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Children's ability to answer different types of questions*

Published online by Cambridge University Press:  22 March 2012

DOROTHÉ SALOMO
Affiliation:
Max Planck Institute for Evolutionary Anthropology, Leipzig
ELENA LIEVEN*
Affiliation:
Max Planck Institute for Evolutionary Anthropology, Leipzig
MICHAEL TOMASELLO
Affiliation:
Max Planck Institute for Evolutionary Anthropology, Leipzig
*
Address for correspondence: Elena Lieven; Max Planck Institute for Evolutionary Anthropology, Leipzig, Germany. e-mail: lieven@eva.mpg.de

Abstract

Young children answer many questions every day. The extent to which they do this in an adult-like way – following Grice's Maxim of Quantity by providing the requested information, no more no less – has been studied very little. In an experiment, we found that two-, three- and four-year-old children are quite skilled at answering argument-focus questions and predicate-focus questions with intransitives in which their response requires only a single element. But predicate-focus questions for transitives – requiring both the predicate and the direct object – are difficult for children below four years of age. Even more difficult for children this young are sentence-focus questions such as “What's happening?”, which give the child no anchor in given information around which to structure their answer. In addition, in a corpus study, we found that parents ask their children predicate-focus and sentence-focus questions very infrequently, thus giving children little experience with them.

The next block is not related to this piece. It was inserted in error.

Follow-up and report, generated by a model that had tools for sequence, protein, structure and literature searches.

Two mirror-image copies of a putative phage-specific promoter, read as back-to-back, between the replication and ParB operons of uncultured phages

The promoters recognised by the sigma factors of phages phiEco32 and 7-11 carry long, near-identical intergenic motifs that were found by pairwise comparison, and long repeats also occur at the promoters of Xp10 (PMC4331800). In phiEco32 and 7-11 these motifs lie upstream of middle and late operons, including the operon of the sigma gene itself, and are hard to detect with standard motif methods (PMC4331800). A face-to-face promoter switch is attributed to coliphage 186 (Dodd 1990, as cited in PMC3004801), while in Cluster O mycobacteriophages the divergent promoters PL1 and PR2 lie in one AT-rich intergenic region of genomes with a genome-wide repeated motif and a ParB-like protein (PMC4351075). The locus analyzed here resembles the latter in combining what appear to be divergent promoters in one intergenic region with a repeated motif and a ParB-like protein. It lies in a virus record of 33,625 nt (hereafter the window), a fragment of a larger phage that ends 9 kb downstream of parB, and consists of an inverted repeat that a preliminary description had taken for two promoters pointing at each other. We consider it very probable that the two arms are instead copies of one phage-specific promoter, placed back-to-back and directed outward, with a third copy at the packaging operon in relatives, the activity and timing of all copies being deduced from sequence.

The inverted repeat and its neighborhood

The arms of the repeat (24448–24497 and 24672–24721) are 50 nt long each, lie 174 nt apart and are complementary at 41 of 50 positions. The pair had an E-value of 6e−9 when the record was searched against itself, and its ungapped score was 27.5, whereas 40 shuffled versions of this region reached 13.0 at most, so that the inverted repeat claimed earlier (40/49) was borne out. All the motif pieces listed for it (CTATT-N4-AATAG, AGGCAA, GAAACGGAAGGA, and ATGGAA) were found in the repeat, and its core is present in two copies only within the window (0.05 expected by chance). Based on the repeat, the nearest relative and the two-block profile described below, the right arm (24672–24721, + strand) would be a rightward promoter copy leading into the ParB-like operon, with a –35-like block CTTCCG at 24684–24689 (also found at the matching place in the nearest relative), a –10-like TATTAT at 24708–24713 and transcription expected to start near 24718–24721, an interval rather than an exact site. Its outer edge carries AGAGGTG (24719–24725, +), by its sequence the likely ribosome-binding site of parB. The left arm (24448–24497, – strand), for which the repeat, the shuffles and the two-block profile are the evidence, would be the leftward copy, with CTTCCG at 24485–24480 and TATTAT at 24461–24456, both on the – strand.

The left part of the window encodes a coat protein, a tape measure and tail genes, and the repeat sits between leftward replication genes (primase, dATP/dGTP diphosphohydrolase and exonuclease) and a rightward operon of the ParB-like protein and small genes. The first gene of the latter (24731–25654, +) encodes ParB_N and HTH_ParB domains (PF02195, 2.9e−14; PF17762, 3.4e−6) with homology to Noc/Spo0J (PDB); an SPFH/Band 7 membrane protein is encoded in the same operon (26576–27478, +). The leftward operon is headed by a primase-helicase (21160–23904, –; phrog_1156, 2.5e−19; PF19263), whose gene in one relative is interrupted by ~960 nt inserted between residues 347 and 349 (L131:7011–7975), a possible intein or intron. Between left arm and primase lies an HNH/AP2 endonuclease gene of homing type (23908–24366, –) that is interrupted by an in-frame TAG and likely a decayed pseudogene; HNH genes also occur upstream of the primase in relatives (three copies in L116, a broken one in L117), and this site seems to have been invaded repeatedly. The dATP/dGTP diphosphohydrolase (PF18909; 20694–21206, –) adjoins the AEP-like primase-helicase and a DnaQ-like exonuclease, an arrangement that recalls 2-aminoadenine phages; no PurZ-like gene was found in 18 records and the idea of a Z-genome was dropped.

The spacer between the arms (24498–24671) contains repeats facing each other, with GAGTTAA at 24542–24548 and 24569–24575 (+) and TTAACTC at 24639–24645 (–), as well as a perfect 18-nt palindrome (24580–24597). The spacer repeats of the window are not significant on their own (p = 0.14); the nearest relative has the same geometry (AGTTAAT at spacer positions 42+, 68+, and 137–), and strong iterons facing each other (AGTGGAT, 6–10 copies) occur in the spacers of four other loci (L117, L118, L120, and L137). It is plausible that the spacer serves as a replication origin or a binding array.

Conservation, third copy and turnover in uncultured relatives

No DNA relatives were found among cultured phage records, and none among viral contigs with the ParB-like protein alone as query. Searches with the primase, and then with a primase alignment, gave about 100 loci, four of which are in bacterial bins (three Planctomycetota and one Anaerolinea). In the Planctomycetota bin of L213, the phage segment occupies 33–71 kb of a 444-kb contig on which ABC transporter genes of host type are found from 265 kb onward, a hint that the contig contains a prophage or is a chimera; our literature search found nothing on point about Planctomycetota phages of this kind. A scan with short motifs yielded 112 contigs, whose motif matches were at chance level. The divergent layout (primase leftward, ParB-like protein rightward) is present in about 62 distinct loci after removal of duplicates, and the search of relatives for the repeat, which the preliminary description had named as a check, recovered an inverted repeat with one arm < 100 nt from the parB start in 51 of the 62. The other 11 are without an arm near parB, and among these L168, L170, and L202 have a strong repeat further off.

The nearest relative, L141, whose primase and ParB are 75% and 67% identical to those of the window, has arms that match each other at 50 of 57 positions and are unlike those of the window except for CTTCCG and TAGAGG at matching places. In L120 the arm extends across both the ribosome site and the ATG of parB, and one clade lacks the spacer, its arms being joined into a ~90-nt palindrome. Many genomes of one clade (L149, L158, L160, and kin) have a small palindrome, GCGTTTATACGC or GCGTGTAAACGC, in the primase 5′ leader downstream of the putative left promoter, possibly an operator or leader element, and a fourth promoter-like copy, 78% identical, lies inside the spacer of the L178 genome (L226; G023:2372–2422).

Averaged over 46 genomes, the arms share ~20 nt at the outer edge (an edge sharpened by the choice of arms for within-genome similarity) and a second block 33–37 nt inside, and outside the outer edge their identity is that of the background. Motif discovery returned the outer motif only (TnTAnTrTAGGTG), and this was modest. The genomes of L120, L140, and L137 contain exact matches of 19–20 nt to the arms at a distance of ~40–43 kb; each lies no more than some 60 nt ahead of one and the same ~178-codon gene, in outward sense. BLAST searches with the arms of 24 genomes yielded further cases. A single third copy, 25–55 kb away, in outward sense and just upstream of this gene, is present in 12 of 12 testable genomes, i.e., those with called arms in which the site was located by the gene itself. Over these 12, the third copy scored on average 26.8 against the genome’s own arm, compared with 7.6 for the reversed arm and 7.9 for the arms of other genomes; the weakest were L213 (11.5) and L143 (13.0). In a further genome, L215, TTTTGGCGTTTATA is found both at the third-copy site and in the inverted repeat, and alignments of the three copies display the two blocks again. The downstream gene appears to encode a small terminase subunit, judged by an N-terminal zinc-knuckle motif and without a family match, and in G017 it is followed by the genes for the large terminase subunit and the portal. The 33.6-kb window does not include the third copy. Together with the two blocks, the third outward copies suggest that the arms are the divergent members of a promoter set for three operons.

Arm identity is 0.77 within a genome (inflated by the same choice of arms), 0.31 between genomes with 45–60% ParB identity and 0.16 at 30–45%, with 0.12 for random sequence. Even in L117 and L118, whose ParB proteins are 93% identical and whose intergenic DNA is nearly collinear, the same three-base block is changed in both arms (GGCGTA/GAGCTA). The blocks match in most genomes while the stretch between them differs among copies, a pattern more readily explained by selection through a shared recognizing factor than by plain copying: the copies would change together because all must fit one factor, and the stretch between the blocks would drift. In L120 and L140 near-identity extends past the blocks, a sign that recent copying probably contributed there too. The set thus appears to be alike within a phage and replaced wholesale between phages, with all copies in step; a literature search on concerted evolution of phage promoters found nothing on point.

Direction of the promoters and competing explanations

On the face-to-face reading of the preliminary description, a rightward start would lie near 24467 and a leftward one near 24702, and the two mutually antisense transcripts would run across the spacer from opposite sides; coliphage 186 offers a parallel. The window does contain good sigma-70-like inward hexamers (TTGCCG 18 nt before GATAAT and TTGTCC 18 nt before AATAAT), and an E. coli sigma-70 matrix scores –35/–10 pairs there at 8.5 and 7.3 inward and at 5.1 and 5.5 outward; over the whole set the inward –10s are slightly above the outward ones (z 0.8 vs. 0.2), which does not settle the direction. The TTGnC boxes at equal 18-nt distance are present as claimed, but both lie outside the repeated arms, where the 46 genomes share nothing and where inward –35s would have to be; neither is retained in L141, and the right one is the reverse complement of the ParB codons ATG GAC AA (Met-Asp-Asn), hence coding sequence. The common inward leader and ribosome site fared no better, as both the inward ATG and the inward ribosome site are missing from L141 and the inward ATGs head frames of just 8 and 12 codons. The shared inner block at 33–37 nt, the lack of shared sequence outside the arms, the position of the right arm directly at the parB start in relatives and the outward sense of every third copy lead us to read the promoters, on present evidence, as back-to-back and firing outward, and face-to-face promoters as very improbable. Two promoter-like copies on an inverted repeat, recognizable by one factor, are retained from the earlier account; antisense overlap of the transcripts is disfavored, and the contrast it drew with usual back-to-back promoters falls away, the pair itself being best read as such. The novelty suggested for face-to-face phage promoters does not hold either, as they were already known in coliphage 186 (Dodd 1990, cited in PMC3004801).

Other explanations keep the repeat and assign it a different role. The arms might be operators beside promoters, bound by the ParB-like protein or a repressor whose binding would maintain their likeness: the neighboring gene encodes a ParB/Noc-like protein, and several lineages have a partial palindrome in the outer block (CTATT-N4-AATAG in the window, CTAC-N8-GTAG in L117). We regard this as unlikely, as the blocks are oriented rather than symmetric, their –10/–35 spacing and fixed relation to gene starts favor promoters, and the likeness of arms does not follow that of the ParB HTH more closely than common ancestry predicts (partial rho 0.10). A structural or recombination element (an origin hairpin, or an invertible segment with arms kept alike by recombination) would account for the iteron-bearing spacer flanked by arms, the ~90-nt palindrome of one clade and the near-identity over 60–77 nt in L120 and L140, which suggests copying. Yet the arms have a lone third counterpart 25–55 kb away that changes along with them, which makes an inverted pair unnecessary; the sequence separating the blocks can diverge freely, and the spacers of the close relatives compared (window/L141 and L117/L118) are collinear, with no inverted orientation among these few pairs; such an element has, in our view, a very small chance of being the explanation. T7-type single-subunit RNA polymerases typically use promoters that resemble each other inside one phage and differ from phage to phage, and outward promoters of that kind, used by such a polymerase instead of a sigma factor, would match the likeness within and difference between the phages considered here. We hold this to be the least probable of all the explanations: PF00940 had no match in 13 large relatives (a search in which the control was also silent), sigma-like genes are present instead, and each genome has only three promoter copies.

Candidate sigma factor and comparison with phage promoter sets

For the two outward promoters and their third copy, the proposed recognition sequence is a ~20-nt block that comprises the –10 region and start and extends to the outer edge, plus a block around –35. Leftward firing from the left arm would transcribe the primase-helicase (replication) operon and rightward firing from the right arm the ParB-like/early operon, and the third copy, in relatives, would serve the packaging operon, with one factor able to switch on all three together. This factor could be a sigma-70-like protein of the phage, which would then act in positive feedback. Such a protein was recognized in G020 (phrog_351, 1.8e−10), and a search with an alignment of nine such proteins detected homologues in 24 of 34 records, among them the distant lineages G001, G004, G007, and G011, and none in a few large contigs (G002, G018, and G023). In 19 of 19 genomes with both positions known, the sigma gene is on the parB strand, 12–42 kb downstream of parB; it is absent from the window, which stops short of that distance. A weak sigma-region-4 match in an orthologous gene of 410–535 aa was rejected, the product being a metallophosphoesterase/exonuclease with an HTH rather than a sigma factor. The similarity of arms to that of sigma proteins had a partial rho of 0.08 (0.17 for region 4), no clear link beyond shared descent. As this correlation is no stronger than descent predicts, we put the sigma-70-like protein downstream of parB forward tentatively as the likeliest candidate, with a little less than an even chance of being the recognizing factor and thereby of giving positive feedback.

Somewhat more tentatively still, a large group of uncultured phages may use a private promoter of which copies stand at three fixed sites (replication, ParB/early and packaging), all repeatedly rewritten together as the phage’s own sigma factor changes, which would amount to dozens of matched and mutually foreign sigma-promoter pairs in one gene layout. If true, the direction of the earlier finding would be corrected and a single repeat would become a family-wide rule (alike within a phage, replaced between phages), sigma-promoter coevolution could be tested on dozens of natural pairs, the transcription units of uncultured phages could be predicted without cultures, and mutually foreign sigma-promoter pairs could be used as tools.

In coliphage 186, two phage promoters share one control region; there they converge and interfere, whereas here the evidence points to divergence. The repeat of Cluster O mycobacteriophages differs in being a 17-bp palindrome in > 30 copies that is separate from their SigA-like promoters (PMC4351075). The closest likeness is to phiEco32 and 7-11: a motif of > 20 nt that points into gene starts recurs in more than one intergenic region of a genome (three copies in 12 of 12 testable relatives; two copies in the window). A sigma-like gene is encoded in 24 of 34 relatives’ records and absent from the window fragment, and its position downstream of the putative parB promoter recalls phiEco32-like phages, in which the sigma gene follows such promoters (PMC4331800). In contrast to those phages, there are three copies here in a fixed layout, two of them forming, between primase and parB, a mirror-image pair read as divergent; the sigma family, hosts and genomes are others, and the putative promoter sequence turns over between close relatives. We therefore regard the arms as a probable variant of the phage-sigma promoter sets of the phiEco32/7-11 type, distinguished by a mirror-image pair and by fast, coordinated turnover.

Type
Articles
Copyright
Copyright © Cambridge University Press 2012

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Footnotes

[*]

We thank Kristin Wolter, Ronny Barr and Claudia Salomo for their help in creating the stimuli. Thanks to Roger Mundry for statistical guidance.

References

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